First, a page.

The VACDIVA project aims to develop an effective vaccine against African Swine Fever (ASF). The vaccine would solve the current problem in Europe and the countries affected by the disease.
The VACDIVA project has been financed with 10 million euros by the European Union (EU). The project will run for 4 years. The University of Madrid is project leader.
Stopping the spread of the disease
No vaccine is currently available against African Swine Fever and recent incursions in Europe and Asia are jeopardizing the pig industry worldwide. Control of ASF is based on early diagnosis and the implementation of strict sanitary measures. However, measures taken by affected countries have not been sufficient to stop spread.
VACDIVA will provide:
- Three safe and effective pilot vaccines for wild boar and domestic pigs ready for registration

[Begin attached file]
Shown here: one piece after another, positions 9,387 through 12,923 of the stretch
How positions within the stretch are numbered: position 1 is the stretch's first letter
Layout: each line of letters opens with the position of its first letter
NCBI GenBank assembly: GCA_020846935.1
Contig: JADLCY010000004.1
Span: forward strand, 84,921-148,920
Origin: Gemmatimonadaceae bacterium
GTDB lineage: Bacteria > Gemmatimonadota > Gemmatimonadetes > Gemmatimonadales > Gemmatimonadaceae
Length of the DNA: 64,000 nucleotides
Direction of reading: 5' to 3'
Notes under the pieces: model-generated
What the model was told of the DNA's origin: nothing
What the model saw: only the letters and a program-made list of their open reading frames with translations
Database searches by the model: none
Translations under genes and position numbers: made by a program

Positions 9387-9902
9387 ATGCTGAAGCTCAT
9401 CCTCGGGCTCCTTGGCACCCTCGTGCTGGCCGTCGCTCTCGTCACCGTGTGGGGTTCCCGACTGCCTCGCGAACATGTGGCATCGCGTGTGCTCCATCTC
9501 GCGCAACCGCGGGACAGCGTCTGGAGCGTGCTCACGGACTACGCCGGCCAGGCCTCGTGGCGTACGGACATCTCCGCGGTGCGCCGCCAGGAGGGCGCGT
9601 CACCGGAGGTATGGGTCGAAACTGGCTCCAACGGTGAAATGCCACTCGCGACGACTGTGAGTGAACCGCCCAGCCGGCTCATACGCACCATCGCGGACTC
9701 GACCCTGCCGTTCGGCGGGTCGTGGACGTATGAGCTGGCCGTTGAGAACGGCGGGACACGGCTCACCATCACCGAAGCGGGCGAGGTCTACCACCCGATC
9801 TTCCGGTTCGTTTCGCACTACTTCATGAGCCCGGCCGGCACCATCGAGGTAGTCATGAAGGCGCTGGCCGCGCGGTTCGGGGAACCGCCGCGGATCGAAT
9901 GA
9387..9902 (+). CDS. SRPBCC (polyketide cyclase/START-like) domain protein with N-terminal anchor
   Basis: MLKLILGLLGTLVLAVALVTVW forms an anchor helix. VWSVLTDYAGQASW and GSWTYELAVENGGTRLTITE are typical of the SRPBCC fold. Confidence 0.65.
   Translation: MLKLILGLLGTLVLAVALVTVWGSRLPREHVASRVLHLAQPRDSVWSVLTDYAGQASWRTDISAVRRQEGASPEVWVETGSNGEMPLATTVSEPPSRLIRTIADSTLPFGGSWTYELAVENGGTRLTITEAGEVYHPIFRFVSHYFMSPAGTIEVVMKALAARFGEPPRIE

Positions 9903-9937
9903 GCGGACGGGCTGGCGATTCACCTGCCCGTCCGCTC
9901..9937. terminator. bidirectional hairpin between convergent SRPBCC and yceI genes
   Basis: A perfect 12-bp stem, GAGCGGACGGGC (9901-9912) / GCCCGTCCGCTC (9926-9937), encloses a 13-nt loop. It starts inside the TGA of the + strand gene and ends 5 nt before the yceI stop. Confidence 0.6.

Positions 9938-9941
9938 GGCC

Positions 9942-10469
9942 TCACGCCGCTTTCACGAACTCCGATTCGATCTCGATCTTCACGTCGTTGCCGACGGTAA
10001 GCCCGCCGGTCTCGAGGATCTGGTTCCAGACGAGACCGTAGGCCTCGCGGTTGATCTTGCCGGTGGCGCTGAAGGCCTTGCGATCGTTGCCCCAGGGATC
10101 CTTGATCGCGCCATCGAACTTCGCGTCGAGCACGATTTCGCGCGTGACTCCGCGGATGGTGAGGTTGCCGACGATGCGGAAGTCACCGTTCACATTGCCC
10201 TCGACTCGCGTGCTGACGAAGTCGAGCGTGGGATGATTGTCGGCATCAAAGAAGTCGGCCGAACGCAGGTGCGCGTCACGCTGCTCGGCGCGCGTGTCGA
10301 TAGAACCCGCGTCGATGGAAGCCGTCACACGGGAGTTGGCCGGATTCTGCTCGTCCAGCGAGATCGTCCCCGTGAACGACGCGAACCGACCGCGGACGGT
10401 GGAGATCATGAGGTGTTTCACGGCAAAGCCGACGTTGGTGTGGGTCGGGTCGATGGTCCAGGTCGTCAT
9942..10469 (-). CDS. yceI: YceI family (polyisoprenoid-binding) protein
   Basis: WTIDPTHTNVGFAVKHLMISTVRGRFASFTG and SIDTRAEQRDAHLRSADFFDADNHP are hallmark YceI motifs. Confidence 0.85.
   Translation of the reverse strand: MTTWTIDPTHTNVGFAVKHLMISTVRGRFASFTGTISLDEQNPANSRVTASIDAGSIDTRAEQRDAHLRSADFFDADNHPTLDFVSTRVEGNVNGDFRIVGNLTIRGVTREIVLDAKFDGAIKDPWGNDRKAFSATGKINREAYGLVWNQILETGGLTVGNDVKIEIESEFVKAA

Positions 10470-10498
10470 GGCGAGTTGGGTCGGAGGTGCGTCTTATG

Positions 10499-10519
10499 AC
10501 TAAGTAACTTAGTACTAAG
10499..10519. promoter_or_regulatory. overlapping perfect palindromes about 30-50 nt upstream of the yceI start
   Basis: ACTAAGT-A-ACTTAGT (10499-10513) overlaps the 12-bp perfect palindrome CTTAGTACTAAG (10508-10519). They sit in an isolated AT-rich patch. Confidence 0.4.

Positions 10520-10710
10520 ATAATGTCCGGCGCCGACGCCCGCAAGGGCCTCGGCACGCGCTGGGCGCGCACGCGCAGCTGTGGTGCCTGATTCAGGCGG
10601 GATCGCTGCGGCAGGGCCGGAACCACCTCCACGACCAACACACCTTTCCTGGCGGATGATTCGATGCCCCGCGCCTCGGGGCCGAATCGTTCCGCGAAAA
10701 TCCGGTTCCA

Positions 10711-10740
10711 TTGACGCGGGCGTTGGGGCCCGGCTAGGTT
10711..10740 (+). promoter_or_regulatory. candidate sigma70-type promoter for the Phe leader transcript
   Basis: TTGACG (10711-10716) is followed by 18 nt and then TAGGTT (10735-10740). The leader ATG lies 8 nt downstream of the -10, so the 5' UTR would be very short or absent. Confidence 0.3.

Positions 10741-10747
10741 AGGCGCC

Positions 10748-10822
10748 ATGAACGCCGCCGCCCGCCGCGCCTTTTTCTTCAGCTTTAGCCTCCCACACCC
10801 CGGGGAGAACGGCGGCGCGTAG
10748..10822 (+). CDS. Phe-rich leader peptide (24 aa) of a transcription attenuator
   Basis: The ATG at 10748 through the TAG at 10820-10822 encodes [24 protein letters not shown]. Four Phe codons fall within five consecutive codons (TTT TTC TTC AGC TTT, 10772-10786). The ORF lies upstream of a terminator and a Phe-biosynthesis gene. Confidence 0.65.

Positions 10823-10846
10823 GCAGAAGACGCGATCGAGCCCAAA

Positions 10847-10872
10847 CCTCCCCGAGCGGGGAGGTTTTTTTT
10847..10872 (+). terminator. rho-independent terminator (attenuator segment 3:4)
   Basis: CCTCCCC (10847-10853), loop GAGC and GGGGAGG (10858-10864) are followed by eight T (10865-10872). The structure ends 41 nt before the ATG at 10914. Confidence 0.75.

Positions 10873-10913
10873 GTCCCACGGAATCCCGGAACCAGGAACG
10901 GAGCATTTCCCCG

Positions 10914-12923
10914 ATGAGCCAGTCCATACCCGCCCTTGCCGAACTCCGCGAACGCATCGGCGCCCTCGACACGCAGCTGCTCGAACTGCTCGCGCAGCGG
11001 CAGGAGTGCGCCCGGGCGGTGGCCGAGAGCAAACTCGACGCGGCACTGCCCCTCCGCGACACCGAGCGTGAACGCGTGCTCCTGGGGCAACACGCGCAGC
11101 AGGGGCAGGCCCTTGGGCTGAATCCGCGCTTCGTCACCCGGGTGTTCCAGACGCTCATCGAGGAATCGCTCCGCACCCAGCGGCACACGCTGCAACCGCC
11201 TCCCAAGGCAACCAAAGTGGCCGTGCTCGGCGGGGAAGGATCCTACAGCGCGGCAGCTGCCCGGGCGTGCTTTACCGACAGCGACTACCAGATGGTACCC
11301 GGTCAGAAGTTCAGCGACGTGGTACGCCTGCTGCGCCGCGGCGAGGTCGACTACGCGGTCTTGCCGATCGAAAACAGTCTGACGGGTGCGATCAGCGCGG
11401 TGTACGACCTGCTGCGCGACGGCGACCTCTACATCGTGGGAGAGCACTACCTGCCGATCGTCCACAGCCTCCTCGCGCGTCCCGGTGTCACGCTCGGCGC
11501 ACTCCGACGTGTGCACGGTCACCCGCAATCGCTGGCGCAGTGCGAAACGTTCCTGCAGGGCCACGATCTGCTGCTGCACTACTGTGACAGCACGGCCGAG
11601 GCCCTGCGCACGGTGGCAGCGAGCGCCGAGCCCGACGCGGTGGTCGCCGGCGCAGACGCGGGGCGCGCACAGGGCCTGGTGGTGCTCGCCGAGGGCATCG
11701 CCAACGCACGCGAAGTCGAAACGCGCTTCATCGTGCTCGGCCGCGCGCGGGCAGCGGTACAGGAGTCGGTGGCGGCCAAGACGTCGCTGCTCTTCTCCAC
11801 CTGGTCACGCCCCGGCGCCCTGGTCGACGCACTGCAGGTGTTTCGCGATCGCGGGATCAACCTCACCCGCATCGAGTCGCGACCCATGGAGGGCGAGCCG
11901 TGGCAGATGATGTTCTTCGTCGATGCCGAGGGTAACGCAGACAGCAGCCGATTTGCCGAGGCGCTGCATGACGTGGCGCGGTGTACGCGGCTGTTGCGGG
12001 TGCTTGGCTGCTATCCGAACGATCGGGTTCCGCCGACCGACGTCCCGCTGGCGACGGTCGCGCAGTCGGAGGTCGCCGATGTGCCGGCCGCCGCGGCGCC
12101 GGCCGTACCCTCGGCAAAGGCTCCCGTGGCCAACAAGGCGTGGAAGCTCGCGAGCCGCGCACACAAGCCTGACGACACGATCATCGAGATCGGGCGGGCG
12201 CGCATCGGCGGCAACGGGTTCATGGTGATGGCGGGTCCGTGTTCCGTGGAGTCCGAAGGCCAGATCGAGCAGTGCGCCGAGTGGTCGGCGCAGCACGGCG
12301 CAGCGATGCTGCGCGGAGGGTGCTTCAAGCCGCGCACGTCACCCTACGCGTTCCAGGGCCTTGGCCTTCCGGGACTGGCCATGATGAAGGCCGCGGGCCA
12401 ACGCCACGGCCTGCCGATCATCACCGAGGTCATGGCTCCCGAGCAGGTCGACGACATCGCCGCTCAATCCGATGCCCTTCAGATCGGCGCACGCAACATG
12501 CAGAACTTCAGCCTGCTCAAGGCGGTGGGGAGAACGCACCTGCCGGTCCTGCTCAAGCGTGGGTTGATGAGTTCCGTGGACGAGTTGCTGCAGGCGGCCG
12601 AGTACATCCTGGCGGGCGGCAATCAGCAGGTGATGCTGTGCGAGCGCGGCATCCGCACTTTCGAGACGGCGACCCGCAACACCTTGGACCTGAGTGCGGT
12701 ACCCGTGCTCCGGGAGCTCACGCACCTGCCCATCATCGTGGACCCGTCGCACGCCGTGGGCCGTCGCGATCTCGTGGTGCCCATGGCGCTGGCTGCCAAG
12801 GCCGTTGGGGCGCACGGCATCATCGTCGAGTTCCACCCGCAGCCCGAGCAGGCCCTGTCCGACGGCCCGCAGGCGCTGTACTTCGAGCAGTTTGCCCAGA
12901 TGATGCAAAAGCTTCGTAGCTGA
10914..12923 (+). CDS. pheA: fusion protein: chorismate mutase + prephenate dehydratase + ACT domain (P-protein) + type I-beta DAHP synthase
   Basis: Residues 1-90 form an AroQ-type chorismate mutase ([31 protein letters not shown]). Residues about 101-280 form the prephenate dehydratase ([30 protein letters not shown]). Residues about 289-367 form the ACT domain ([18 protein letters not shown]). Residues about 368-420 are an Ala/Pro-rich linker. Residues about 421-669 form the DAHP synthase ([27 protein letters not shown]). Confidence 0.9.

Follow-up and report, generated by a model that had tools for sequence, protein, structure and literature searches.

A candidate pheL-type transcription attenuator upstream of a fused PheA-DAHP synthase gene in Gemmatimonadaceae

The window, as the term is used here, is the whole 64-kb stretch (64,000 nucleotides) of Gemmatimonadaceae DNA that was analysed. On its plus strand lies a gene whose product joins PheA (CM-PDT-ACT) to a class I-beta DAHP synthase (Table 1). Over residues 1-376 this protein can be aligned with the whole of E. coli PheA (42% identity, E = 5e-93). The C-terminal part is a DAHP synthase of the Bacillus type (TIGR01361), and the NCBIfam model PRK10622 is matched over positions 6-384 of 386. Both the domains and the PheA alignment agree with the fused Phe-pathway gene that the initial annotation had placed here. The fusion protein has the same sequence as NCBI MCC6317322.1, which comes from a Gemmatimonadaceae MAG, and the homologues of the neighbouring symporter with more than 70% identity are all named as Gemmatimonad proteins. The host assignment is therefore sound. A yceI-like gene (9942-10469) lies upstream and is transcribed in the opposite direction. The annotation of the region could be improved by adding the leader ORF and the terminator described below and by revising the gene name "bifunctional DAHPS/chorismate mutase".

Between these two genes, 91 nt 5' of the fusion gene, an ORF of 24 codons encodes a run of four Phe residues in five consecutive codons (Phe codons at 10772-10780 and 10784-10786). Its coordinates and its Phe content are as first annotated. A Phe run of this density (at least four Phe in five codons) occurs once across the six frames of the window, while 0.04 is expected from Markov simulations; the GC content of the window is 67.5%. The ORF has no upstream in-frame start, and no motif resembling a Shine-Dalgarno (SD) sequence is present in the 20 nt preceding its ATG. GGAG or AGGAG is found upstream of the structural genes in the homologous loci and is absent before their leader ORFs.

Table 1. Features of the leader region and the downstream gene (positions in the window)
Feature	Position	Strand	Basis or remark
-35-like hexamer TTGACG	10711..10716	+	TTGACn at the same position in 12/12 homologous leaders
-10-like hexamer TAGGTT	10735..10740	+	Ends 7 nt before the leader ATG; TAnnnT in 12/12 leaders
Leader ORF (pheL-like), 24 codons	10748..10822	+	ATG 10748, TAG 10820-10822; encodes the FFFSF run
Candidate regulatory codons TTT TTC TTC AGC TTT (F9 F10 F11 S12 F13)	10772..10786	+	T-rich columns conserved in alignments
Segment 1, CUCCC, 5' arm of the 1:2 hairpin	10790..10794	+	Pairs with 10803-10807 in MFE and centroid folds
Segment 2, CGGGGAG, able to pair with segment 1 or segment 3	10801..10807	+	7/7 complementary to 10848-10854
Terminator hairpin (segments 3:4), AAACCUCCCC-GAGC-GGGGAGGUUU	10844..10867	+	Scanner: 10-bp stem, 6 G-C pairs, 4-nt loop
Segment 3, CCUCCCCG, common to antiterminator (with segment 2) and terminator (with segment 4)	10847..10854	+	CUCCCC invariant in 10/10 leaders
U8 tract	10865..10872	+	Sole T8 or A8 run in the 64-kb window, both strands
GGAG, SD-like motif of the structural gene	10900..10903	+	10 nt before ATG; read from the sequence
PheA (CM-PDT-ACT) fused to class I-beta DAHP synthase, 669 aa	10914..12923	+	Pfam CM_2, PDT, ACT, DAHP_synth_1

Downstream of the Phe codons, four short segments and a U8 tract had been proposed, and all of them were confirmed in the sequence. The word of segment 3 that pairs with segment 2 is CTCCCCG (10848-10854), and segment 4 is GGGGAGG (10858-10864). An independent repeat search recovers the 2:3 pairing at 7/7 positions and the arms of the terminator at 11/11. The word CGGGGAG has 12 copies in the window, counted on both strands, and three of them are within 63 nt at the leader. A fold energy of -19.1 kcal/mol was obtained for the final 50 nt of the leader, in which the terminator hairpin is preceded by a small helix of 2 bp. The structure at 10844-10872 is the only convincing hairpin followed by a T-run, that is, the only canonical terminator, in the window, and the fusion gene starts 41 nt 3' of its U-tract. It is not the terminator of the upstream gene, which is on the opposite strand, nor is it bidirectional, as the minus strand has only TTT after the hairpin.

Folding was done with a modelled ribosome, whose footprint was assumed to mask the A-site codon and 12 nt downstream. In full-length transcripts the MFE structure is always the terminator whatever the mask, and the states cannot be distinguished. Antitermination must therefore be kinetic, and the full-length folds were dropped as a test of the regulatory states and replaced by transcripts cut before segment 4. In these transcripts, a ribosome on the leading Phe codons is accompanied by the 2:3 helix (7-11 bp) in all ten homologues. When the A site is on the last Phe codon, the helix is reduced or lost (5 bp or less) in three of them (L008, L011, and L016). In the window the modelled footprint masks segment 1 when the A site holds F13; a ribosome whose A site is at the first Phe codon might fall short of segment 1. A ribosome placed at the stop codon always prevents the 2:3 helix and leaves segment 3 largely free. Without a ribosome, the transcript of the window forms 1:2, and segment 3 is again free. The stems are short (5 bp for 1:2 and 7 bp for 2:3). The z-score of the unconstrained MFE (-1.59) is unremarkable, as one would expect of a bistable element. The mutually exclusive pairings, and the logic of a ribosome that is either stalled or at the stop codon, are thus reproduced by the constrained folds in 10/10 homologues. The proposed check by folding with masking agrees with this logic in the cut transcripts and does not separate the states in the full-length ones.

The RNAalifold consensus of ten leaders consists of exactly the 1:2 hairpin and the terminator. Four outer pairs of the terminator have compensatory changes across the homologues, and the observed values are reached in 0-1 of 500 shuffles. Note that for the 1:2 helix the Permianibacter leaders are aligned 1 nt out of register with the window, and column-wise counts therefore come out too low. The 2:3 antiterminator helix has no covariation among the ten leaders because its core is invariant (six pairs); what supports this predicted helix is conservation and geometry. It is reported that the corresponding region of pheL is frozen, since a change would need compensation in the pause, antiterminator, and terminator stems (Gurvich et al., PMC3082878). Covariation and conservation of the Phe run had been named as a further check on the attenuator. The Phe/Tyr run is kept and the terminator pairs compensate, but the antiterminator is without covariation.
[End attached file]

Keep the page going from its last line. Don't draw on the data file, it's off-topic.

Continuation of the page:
- Validated companion DIVA tests
- Cost-benefit and effective surveillance and control-vaccination strategies, with field trials in Lithuania and Kenia
Two world leader companies in vaccine production and ASF diagnostic kits will provide production of the new vaccines and DIVA tests. Epidemiological modelling of worldwide scenarios will be offered in a portfolio of services to help animal health authorities control and eradicate the disease. This project will provide policy makers valuable decision support tools to better prevent and control ASF.
Modeling the spread
Wageningen Bioveterinary Research (WBVR) will focus on modeling the spread of African Swine Fever in and between populations of domestic pigs and wild boars, in order to be able to analyze what the most effective vaccination strategies are. We can use this to show the influence of vaccination (degree of coverage, methods of application, types of animals) on the limitation of the spread and the eradication of the disease.
VACDIVA has experts involved of two world ASF Reference Laboratories (OIE and FAO), the EU reference laboratory (EURL), six EU national Reference Laboratories and four prestigious ASF research institutions. The project is leaded by the University of Madrid.